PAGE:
27-year-old Danish Simone Schødts warns parents against a popular mobile game, after her 9-year-old daughter was violated.
Do you actually know what your child is doing on his phone right now?
Mobile games have become a good babysitter for many parents which can entertain and pass the time in the car or at home, while mum and dad are busy with other things.
27-year-old Simone Schødts from Asnæs, in the northwestern part of Zealand in Denmark, had her Monday night spoiled by a mobile game that her 9-year-old daughter had been playing during the weekend.
- It was a wake up call and I felt sick to my stomach. So now, I just want to warn other parents against the game, Simone says to Dagens.com
On Sunday night, her 9-year-old daughter had a secret that she had to share with her mother.
The daughter had been contacted by another user in the children's game Momio, which is a popular app for children, and had been terribly afraid by the question the user had written to her. So scared that at first she did not dare to tell her parents about it.
- We have the agreement in our family that you're allowed to have secrets, but not the kind that makes you stomach hurt. My daughter then tells me that she has one of those secrets that gives her a lot of pain in her stomach, says Simone.
On Friday, the 9-year-old girl had been playing on the phone and she had chatted with the user jacob409, a boy who said he was 12 years old.
According to the daughter, jacob409 suddenly asked her, what she would do if the two of them were alone in a room wearing only underwear.
It immediately prompted the 27-year-old mother to check the phone, but the daughter had already deleted the game and all the information. Therefore, Simone decided to contact the people behind the game to determine, who had written and scared her daughter.
- I then contact the Momio game, and they were able to find the user and the chat, and they told me they had deleted jacob409 from the game as they could see that there were some limits that had been violated, said a shaken Simone to Dagens.com.
But when Momio returned in an email to the mother, they suddenly no longer wanted to check the suspicious user.
- Momio has since written in an email, that it most likely is a 12-year-old girl who tries out boundaries, and that they do not want to police the case. However, they could not explain what they built the assumption on, so I've reported the case myself, says Simone Schødts.
For the company's comments do not give any peace to the young mother, who wants to settle the case.
- Whether it's a 12-year-old child or not, we as parents have the responsibility to ensure that our children are not being offended by other children. I hope we get this sorted out, so I know who wrote to my daughter.
- I believe you should do what you can, and this is an issue where I can do something for my own child and for other children, says Simone Schødts to Dagens.com.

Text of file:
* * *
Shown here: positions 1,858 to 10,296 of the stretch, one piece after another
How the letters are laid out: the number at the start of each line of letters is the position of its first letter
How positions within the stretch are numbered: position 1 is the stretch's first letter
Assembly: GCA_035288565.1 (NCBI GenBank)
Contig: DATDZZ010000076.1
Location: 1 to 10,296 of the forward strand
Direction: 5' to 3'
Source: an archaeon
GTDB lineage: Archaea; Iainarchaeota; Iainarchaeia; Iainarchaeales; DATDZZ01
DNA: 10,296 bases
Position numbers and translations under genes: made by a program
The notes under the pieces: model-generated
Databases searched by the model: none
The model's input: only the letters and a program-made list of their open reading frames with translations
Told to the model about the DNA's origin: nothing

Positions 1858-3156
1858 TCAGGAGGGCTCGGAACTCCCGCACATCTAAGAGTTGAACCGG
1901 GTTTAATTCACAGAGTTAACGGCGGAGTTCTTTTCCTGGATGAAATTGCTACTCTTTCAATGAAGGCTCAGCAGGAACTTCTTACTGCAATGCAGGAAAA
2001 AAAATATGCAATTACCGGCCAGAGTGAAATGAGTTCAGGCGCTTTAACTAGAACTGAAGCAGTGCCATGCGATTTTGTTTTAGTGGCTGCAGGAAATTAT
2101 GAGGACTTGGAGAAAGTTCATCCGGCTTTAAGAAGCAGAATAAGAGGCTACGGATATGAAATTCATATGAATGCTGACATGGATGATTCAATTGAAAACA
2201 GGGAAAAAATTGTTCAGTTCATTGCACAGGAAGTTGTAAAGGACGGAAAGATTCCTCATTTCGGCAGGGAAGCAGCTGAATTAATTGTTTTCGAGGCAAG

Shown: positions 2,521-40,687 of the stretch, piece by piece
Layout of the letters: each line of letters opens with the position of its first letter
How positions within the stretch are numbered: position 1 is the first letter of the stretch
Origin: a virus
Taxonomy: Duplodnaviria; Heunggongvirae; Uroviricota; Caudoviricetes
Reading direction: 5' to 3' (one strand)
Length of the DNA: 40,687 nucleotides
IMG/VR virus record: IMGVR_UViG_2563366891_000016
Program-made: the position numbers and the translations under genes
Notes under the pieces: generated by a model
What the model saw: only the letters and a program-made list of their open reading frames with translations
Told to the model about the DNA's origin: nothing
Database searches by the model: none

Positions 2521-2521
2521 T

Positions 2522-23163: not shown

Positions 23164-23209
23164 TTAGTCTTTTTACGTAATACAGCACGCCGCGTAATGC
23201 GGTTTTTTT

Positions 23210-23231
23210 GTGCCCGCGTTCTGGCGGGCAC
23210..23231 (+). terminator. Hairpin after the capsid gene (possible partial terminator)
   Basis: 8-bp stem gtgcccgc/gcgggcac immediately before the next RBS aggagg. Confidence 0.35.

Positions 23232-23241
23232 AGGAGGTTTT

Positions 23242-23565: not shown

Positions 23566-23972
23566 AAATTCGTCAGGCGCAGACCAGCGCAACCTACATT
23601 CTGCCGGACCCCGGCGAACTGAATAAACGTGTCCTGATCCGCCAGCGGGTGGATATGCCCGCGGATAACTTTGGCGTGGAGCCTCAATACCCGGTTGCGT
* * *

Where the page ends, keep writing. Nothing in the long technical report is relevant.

Therefore, she will now also encourage other parents to set clear guidelines for their children's use of mobile games, which she has now done in the face of the scary event.
- I thought I was being hysterical chekking my daughter's phone and ipad. But you have to do that. In the future, the games in our home are not allowed to have a chat feature, because that's where it goes wrong. The security is not good enough and it's a buffet for pedophiles, says Simone.
CEO: The risk can't be avoided
At the mobile game Momio, the Managing Director Mikael Jensen is sorry about the experience that Simone Schødt's daughter has been exposed to. In spite of the game's security procedures and guidelines, the company can not fully assure that such episodes don't take place.
Of course, we can't completely prevent children from asking other children inappropriate questions. It happens in the physical world and in the digital world. We are basically an open platform, but our security systems and processes make sure that there is a consequence for those who violate our rules. If you completely want to avoid the possibility of receiving inappropriate content, you will almost need to close the internet access for children. We do not believe this is the way forward or that it will benefit the children, says the CEO in an email to Dagens.com.
The company will, however, not reveal how they have come to the conclusion that it is a child, who has attempted to violate Simone's nine-year-old daughter, but says that in this case, it is an assessment by a security officer and therefore the company don't want to go to the police with the case.
-Our Momio employees have extensive experience in managing security on Momio and can make a very accurate assessment of the matter based on the data available. Momio normally don't go to the police with a case, if the Momio team consider the offender to be a young child. Instead, we make sure that this person can not access Momio again, says the CEO Mikael Jensen to Dagens.com.